Rebecca Brotman: Toward Interventions for the Vaginal Microbiome
Assistant Professor, Institute for Genome Sciences at the University of Maryland School of Medicine
Recommended by Jacques Ravel and Claire Fraser-Liggett, University of Maryland
Rebecca Brotman is an epidemiologist and infectious disease expert by training, and it's with that mindset that she approaches studying the human vaginal microbiome. The vaginal microbiome has been implicated in health and disease, protecting against sexually transmitted diseases or affecting risk of contracting them, including HIV. It has also been linked to obstetrical outcomes such as preterm birth.
"Ultimately we would like to be able to intervene on the vaginal microbiota to provide more protection for women, but in order to get there, first we have to determine what's there," Brotman said.
She and her colleagues at Maryland have been examining the vaginal microbiome to first determine what bacteria are typically there as well as following how the microbiome changes over time as women age and how it changes in response to certain behaviors, including smoking, lubricant use, and other sexual behaviors. Once they establish that baseline of knowledge, Brotman said they can start investigating ways to intervene.
In particular, Brotman is focused on vaginal dysbiosis, which is marked by low levels of Lactobacillus in the vaginal microbiome, and places women at higher risk for reproductive tract infections.
Many people, she noted, want to jump right to interventions, but she added that there have been a number of studies examining probiotics, and they don't appear to always be successful.
"We need to stand back and look at the data and figure out what's there, how it changes over time, and a rational approach to intervening on the microbiome," Brotman said. She added that they are working toward interventions, but "we're just not quite there yet."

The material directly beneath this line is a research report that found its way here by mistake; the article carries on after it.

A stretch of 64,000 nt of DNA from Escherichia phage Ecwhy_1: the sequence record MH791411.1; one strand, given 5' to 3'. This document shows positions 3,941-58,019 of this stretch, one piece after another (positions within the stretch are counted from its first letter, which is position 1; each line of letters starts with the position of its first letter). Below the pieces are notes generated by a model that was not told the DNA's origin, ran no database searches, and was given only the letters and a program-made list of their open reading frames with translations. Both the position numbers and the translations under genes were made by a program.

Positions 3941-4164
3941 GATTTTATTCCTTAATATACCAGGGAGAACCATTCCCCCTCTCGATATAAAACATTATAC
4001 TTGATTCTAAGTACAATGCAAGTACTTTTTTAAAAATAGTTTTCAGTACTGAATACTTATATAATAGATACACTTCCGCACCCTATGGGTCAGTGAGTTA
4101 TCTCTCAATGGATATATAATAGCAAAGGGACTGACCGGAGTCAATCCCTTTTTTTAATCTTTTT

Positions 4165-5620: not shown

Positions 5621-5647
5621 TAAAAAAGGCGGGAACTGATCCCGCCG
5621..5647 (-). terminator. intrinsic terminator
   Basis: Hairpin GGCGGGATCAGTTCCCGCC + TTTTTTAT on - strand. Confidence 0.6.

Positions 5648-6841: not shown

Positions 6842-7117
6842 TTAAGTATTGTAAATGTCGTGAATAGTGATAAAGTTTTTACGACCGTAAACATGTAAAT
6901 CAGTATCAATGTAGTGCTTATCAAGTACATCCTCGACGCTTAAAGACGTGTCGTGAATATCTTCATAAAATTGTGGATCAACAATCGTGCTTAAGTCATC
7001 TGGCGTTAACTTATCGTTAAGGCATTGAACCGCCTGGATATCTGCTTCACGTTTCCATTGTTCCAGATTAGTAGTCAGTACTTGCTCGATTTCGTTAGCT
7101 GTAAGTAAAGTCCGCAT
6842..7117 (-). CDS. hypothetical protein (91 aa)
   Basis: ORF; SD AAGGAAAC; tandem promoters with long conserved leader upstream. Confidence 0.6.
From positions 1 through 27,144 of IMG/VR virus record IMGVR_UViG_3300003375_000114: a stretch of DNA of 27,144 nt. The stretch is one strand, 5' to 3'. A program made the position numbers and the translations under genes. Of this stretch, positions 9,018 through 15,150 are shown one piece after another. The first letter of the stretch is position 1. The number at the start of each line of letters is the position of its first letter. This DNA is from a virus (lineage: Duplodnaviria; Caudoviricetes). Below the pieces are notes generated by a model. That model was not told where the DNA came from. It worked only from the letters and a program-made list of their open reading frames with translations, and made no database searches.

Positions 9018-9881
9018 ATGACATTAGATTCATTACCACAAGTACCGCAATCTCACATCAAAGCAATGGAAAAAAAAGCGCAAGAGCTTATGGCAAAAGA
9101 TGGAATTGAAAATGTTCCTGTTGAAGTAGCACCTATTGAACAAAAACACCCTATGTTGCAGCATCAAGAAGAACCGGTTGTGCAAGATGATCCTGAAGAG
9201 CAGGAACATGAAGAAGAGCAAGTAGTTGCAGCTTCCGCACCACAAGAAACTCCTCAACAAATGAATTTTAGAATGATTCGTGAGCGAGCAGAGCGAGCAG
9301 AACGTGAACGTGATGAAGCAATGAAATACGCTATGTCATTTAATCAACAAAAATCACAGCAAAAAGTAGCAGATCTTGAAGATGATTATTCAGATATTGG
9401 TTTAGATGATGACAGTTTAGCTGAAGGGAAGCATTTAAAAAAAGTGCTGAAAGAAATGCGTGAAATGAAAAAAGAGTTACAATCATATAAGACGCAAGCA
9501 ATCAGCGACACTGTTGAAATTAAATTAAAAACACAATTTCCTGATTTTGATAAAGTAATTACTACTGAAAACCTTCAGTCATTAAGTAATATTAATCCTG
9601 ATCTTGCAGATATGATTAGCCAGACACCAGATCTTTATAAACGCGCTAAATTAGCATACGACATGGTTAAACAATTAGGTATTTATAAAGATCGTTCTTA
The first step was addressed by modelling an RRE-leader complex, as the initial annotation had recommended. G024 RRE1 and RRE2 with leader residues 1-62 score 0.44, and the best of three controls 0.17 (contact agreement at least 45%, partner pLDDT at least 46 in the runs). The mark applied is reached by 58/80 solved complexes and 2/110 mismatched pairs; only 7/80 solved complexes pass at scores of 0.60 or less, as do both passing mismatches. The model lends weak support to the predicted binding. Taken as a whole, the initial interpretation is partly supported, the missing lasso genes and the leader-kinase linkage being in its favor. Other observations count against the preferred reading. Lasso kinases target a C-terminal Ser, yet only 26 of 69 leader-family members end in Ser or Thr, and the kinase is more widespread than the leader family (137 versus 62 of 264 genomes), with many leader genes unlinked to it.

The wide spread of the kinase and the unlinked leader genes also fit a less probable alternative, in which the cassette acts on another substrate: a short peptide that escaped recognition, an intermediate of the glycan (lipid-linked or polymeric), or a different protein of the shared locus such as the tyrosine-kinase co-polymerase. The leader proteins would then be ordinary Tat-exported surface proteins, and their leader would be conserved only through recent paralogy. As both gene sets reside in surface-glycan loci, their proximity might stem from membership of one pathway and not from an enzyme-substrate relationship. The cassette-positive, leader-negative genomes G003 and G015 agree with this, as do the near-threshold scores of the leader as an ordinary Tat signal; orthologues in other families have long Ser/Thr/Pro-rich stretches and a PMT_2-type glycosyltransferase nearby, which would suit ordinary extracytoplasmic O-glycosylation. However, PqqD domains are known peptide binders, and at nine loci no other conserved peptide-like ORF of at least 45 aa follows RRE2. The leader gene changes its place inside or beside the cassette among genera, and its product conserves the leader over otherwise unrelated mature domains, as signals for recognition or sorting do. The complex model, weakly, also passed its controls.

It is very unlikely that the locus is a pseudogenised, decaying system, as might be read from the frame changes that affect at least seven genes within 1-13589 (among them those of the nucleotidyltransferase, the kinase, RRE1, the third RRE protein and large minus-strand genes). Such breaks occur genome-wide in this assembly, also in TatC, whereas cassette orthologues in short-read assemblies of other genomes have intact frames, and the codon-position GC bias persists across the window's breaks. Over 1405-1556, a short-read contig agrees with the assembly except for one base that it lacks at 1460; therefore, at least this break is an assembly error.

Paper of note
Brotman has been part of work published in Proceedings of the National Academy of Sciences and Science Translational Medicine reporting on the vaginal microbiome and how it changes over time, but earlier this year, she and her colleagues also publish a paper in Menopause that looked at the vaginal microbiome in the context of disease.
For that study, they examined the vaginal microbiota of premenopausal, perimenopausal, and postmenopausal women, and found that a specific bacterial state — marked by low levels of Lactobacillus — was associated with vulvovaginal atrophy, which is common in women approaching menopause.
"I think that's a nice representation of the vaginal microbiome and its association with a very important clinical outcome, " Brotman said.
In the next five years or so, Brotman hopes that there will be a better understanding of how to intervene on and affect the vaginal microbiome to improve women's health. "I think that it'll include both behavioral interventions like, for example, quitting smoking or using a different type of lubricant or using a different condom type or all the way to — I don't know whether in five years we'll have a probiotic, but I certainly hope that by then we'll be well on the way to understanding other biological ways to affect the microbiome," she said.
And the Nobel goes to…
If Brotman were to win the Nobel Prize, she would like it to be for work on preventing and curing bacterial vaginosis and the dysbiosis of the vaginal microbiome. That, she added, could be "a great public health success" because it has the possibility to limit the spread of HIV.
Photo by Matt Mendelsohn